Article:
Appomattox County pays $225,000 in settlement for illegal biosolids ordinances
Appomattox County has agreed to pay $225,000 to settle a federal lawsuit brought by eleven county farmers that challenged highly restrictive biosolids ordinances enacted by the county in 2002.
LYNCHBURG, Feb. 20, 2004 -- Appomattox County has agreed to pay $225,000 to settle a federal lawsuit brought by eleven county farmers that challenged highly restrictive biosolids ordinances enacted by the county in 2002.
The $225,000 payment is for the farmers' attorneys fees. The settlement follows a November 24, 2003 decision by the United States District Court in Lynchburg that struck down the County's ordinances as inconsistent with Virginia law.
Yesterday, the District Court issued an Order officially ending the lawsuit. In his November ruling, Federal Judge Norman K. Moon found "it is clear that the Appomattox ordinances forbid Plaintiffs from using biosolids on their farmland even though Plaintiffs have obtained licenses to do so and for that reason both the Zoning Ordinance and the Police Powers Ordinance are void and unenforceable."
He added that Virginia localities have only limited authority to conduct "testing and monitoring" and cannot restrict land application of biosolids.
Biosolids are derived from the treatment of sewage sludge and are used as an agricultural fertilizer and soil conditioner. Hundreds of Virginia farmers in over 40 counties participate in biosolids recycling programs to save money on fertilizer costs and to improve the quality of their soil.
The U.S. Environmental Protection Agency (EPA), the Virginia Department of Health (VDH), and the Virginia Department of Agriculture and Consumer Services regulate and monitor biosolids recycling programs to ensure the safety and quality of the product and its use.
Thousands of cities across the United States rely on land application of biosolids for safe and efficient recycling of their sewage sludge. Sixty percent of the nation's sewage sludge is recycled as biosolids onto farmland and for other beneficial uses.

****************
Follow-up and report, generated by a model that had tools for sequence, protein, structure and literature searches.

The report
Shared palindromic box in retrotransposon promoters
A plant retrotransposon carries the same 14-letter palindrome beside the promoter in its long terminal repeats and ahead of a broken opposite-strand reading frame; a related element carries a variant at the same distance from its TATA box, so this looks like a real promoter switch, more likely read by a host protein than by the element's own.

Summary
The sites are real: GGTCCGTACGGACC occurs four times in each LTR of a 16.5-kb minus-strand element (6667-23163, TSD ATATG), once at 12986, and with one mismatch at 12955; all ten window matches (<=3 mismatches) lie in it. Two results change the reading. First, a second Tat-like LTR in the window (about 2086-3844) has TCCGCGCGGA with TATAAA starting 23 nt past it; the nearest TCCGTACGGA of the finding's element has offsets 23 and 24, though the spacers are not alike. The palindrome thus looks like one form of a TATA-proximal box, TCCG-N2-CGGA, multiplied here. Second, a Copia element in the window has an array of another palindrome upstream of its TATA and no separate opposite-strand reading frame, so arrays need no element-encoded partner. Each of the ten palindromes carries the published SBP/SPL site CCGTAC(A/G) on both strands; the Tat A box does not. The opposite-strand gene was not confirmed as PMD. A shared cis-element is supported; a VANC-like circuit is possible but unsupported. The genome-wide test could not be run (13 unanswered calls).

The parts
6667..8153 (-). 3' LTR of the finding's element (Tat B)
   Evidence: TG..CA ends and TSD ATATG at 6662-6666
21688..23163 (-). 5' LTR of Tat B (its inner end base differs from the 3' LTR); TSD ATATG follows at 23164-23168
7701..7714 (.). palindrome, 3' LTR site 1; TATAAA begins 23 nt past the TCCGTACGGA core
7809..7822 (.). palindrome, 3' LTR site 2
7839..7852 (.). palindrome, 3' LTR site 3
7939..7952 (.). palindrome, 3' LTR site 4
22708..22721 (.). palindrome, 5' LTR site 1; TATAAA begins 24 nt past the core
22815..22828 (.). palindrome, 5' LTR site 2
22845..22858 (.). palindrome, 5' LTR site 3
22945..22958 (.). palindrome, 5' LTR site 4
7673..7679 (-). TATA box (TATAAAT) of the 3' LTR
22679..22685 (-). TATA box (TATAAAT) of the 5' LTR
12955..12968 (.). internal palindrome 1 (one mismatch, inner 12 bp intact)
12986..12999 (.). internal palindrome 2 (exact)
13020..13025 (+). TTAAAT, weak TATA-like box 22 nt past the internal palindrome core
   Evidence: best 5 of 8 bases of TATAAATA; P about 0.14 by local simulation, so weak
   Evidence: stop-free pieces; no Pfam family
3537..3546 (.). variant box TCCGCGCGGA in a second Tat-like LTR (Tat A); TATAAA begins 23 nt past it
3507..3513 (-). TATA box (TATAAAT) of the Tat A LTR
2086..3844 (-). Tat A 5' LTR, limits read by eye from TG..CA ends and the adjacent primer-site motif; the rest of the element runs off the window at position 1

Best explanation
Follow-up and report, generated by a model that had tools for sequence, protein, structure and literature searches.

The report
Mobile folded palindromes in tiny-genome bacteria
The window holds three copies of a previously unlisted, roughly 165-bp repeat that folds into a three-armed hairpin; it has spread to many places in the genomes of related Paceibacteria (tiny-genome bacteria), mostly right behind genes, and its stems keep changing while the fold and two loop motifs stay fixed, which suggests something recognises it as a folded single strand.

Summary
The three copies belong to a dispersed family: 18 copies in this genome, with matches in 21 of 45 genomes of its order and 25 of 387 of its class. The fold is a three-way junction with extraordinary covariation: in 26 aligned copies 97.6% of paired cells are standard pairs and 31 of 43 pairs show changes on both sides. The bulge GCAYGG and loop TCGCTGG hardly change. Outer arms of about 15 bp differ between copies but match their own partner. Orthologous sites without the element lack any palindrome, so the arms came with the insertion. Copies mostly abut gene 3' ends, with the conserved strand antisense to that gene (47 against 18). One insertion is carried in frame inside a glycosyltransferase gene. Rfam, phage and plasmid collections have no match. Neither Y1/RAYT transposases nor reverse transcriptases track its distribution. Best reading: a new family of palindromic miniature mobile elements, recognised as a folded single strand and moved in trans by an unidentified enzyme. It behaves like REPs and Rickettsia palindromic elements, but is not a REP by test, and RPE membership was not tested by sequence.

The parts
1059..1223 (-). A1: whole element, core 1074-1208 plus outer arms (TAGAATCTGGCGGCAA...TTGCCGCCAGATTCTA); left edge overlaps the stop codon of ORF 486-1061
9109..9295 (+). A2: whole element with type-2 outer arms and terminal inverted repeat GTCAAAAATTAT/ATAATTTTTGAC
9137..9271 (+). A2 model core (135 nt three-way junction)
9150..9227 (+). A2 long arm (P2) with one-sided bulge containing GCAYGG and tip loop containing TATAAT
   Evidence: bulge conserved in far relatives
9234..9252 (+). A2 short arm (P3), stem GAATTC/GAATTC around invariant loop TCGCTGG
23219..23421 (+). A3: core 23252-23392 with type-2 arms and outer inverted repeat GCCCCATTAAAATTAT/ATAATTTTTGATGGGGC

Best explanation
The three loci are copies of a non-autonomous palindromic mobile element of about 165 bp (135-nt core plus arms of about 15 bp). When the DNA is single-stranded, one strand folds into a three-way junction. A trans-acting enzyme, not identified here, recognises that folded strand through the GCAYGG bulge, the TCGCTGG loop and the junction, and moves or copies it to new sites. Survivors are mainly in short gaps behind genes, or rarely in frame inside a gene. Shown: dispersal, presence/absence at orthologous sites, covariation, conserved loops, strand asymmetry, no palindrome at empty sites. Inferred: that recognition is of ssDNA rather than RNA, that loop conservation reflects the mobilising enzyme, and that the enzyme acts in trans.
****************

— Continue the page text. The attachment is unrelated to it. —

According to the farmers' lawyer, James B. Slaughter, "the Court's November 24 ruling and the County's $225,000 payment settle the issue of what law governs biosolids. Virginia counties lack the authority to impose local biosolids restrictions, and cannot interject themselves into an area that is comprehensively regulated under state and federal law."
He added that "this case has been closely followed by farmers, municipal wastewater agencies, and local officials and sends a clear message to localities around the United States that they should defer to the expertise of federal and state environmental agencies that regulate and oversee land application programs."
The impact of the Appomattox ruling is already being felt throughout Virginia and elsewhere.
On February 9, 2004, in the case of Recyc, Inc. v. Spotsylvania County, a Virginia state court in Fredericksburg struck down a Spotsylvania County ordinance that imposed zoning restrictions on land application of biosolids. The court cited rulings in the Appomattox case as "necessary and appropriate" extensions of prior court decisions, and ruled that "all local zoning ordinances that now attempt to regulate or control land application of biosolids in agricultural zones are inconsistent with State law except those related to testing and monitoring."
The outcome of the Appomattox lawsuit is part of a trend of recent court decisions affirming the primacy of federal and state regulations concerning biosolids, which allow and encourage land application.
In December 2003, a federal court in Pennsylvania struck down most of the biosolids restrictions enacted by Rush Township, in Centre County Pennsylvania, because they conflict with state requirements. (Synagro-WWT, Inc. v. Rush Township). Similarly, in November 2003, another restrictive ordinance in Eastern Pennsylvania was struck down by the Pennsylvania Supreme Court in the case of Hydropress Environmental Services, Inc. v. Township of Upper Mount Bethel.